And you thought post-Revolutionary France was dangerous. Rex Smith, who plays the crafty, evil Chauvelin in The Scarlet Pimpernel, found himself on the other end of real-life evil last week when he was mugged, April 13, in his New York City apartment complex. Smith was physically unharmed but shaken by the incident, which caused him to miss the week's performances (understudy Tom Zemon took over).
In other Pimpernel peregrinations, it looks like revision number three for the Frank Wildhorn-Nan Knighton tuner.
After leaving the Minskoff Theatre May 30, the constantly in-flux musical will shear its cast, tour the U.S. over the summer in a revised form, and return to Broadway's Neil Simon Theatre in the fall, as first reported on InTheater's website and confirmed by Alan Eisenberg (April 8), executive director of Actors' Equity, as well as a production spokesman at Boneau/Bryan-Brown. Equity plays a big role in this reconfiguration. The producers of Pimpernel desired to cut the musical's cast from 41 to 29, eliminating 20 of the current players and adding 8 new ones, according to Eisenberg. The show would then be restaged as a smaller version of itself, designed to fit the Neil Simon.
The difficulty lay in an Equity rule which protects such terminated performers. Unless six weeks pass between the shuttering and reopening of a production, explained Eisenberg, actors dismissed from the previous incarnation must be paid. The producers wished to avoid this expense.
"The producers said we would prefer to stay in New York to the end of May," Eisenberg told Playbill On-Line. "They asked for a concession on the rule. They were prepared to work out an agreement, and they said they would close the show in April if they couldn't prepare a deal."
Equity asked but failed to secure severance pay for the unemployed actors. Instead, the producers offered to pay the remaining cast lucrative Broadway salaries -- instead of considerably lesser stock company pay -- during the new staging's rehearsal period, as well as on the road. "We thought this was a good arrangement," observed Eisenberg, "because otherwise the producers would have closed in April and the company would have gotten nothing." He added that the decision had been made by a national committee of actors.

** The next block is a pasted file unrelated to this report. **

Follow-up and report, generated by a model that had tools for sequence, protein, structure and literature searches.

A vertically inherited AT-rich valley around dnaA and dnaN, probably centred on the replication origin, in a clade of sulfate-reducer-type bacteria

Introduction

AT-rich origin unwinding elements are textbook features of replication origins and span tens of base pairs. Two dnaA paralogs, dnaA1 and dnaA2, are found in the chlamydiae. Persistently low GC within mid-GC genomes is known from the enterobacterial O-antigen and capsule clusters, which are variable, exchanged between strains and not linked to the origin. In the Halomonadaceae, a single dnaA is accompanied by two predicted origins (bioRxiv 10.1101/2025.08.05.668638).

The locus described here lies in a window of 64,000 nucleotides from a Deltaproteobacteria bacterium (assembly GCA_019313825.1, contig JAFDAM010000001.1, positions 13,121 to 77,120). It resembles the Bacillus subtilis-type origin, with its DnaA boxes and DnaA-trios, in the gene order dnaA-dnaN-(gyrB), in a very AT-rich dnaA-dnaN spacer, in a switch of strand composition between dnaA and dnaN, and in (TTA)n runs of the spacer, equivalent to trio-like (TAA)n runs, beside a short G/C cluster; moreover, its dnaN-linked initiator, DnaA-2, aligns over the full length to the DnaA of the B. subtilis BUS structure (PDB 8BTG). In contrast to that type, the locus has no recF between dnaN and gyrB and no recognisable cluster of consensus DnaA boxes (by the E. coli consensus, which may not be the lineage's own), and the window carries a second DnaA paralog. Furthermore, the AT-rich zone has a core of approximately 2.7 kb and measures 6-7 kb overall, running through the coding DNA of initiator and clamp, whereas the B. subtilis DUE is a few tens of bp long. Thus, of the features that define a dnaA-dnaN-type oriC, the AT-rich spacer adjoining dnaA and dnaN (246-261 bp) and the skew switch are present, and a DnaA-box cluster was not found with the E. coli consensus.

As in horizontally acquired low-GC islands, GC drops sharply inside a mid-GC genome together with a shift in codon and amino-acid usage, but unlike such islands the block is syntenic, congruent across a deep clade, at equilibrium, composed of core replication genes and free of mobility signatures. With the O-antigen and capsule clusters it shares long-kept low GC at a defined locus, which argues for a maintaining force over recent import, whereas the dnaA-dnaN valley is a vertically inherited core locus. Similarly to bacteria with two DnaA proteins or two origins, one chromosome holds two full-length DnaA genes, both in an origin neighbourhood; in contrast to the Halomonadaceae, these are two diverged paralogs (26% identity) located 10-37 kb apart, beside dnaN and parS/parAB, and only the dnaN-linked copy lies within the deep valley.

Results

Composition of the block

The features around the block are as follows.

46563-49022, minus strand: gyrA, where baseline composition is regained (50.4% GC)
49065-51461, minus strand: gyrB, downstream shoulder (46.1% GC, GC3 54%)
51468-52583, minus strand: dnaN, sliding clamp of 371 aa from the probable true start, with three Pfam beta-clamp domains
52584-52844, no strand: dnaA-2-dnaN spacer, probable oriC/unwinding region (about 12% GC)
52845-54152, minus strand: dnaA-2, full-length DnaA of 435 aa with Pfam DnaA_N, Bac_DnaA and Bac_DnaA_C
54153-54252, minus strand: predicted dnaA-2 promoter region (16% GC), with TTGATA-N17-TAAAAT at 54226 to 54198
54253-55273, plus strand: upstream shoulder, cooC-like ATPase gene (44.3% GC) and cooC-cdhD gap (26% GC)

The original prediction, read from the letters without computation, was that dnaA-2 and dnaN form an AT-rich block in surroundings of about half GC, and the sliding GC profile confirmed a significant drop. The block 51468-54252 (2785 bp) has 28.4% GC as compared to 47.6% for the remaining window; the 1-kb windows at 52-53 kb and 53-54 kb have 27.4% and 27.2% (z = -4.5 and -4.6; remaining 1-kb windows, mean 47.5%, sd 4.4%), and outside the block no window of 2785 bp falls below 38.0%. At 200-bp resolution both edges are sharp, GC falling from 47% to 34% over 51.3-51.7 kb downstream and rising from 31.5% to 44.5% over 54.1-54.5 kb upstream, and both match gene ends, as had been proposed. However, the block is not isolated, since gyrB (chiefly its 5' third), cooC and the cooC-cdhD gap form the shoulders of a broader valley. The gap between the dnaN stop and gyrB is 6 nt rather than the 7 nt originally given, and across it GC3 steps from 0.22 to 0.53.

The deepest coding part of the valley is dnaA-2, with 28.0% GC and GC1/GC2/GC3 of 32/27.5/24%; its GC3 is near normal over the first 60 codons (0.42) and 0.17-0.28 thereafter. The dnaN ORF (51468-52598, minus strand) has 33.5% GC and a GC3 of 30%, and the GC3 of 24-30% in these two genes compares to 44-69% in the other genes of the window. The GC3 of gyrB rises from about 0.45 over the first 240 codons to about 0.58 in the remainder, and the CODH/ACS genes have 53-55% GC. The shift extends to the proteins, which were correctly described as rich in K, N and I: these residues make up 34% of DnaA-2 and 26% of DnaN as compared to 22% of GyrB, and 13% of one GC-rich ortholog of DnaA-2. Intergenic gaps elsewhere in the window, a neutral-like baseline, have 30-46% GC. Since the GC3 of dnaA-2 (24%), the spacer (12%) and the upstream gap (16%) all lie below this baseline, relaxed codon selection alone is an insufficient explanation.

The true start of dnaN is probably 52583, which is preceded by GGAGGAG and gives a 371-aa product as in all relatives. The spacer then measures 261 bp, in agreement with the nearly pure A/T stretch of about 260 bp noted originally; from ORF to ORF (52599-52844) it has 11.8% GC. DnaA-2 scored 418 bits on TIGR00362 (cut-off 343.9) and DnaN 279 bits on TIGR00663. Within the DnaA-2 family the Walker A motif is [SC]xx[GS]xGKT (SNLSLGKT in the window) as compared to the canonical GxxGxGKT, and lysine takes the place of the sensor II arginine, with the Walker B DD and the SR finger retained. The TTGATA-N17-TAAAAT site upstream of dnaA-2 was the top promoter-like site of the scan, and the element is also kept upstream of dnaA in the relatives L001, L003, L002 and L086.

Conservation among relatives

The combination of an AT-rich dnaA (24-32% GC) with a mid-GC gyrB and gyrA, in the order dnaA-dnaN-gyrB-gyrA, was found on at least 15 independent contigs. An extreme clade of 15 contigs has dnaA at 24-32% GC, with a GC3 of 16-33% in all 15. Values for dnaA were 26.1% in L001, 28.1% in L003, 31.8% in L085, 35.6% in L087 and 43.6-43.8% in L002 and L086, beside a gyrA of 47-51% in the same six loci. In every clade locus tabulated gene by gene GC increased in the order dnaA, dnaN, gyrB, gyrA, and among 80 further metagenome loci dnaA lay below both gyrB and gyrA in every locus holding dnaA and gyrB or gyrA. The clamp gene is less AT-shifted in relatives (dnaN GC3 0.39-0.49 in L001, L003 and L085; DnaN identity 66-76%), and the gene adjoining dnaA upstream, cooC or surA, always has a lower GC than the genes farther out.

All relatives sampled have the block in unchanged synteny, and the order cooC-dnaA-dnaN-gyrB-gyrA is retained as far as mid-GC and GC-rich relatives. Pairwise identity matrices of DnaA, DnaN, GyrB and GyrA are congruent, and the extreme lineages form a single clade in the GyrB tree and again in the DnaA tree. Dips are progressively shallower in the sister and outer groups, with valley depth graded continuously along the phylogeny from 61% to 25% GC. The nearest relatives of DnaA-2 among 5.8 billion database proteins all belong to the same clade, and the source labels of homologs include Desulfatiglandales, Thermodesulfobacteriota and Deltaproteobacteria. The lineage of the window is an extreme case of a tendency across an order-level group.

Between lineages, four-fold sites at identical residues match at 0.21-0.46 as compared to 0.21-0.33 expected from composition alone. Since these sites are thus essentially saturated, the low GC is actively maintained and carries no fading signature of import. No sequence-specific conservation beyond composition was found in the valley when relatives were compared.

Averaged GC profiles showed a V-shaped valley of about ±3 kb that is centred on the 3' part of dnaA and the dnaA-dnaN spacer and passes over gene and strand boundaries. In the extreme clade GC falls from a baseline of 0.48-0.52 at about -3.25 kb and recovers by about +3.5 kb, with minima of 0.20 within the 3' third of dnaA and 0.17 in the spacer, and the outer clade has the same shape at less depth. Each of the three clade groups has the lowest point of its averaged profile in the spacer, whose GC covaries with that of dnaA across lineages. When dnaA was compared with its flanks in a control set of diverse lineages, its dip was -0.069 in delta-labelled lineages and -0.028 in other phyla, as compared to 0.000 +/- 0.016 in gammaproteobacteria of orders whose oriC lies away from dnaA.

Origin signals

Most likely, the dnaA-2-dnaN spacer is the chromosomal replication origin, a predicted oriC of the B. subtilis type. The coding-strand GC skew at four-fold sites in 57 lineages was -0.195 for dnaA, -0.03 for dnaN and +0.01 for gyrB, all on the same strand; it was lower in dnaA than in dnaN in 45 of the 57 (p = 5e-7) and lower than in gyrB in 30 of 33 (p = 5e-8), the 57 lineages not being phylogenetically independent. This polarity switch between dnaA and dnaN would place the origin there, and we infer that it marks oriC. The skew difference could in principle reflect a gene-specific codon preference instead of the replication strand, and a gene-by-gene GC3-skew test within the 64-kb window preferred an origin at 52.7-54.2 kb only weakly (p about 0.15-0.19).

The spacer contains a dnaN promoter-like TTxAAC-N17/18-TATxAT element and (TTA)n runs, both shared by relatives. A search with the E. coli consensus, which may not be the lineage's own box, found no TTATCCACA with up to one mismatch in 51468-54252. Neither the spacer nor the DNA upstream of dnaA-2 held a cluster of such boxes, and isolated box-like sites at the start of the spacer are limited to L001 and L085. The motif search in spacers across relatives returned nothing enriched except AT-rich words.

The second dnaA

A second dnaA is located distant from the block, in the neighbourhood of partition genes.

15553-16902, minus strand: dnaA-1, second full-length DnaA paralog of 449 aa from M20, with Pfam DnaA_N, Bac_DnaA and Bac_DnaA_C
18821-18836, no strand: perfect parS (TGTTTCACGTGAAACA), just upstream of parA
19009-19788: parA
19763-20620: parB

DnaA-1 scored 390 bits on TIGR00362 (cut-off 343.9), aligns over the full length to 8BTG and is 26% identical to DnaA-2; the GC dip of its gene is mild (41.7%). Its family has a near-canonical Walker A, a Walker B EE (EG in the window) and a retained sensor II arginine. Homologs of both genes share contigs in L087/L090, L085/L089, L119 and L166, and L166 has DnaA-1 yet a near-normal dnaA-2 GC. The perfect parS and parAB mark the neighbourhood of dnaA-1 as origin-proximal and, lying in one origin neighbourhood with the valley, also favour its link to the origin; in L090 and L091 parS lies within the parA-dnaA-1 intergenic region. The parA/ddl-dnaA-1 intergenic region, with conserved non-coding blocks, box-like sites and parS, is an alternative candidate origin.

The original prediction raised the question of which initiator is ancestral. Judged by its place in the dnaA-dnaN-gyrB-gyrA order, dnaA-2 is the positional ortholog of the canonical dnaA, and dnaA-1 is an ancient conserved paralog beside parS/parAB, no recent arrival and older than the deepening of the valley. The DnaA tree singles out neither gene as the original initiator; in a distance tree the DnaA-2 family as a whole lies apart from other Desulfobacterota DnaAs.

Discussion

Pimpernel will be hitting the road without star Douglas Sills. Sills, said a spokesman, has opted to leaved the show. However, Sills' agency said the actor's departure was not yet a definite. The rest of the casting - including the continued involvement of the other two leads, Rachel York and Rex Smith -- is uncertain.
The reconfigured Pimpernel will play Dallas, Houston and Atlanta before returning to the Neil Simon Theatre in September.
The history of The Scarlet Pimpernel has featured more twists than perhaps any musical in Broadway history. The Frank Wildhorn & Nan Knighton musical opened in November 1997 to largely negative reviews and limped along for a year. In summer 1998, in a move which smacked more of the board room than backstage, Radio City Entertainment and Ted Forstman bought the musical from its original producers. They then brought in new director Robert Longbottom to restage the show. Sills, who plays the title role, remained, but leads Terrence Mann and Christine Andreas were replaced by Rex Smith and Rachel York.
The show reopened October 1998 to considerably better reviews. However, it was soon faced with the obstacle of having to vacate the Minskoff, promised to the incoming London musical Saturday Night Fever.
If Pimpernel returns to Broadway in September, it may very well stand as the only show in Broadway history to run in three radically different versions, while remaining, essentially, a single continuous production.
For tickets and information on The Scarlet Pimpernel at the Minskoff Theatre through May 30 call (212) 307-4100.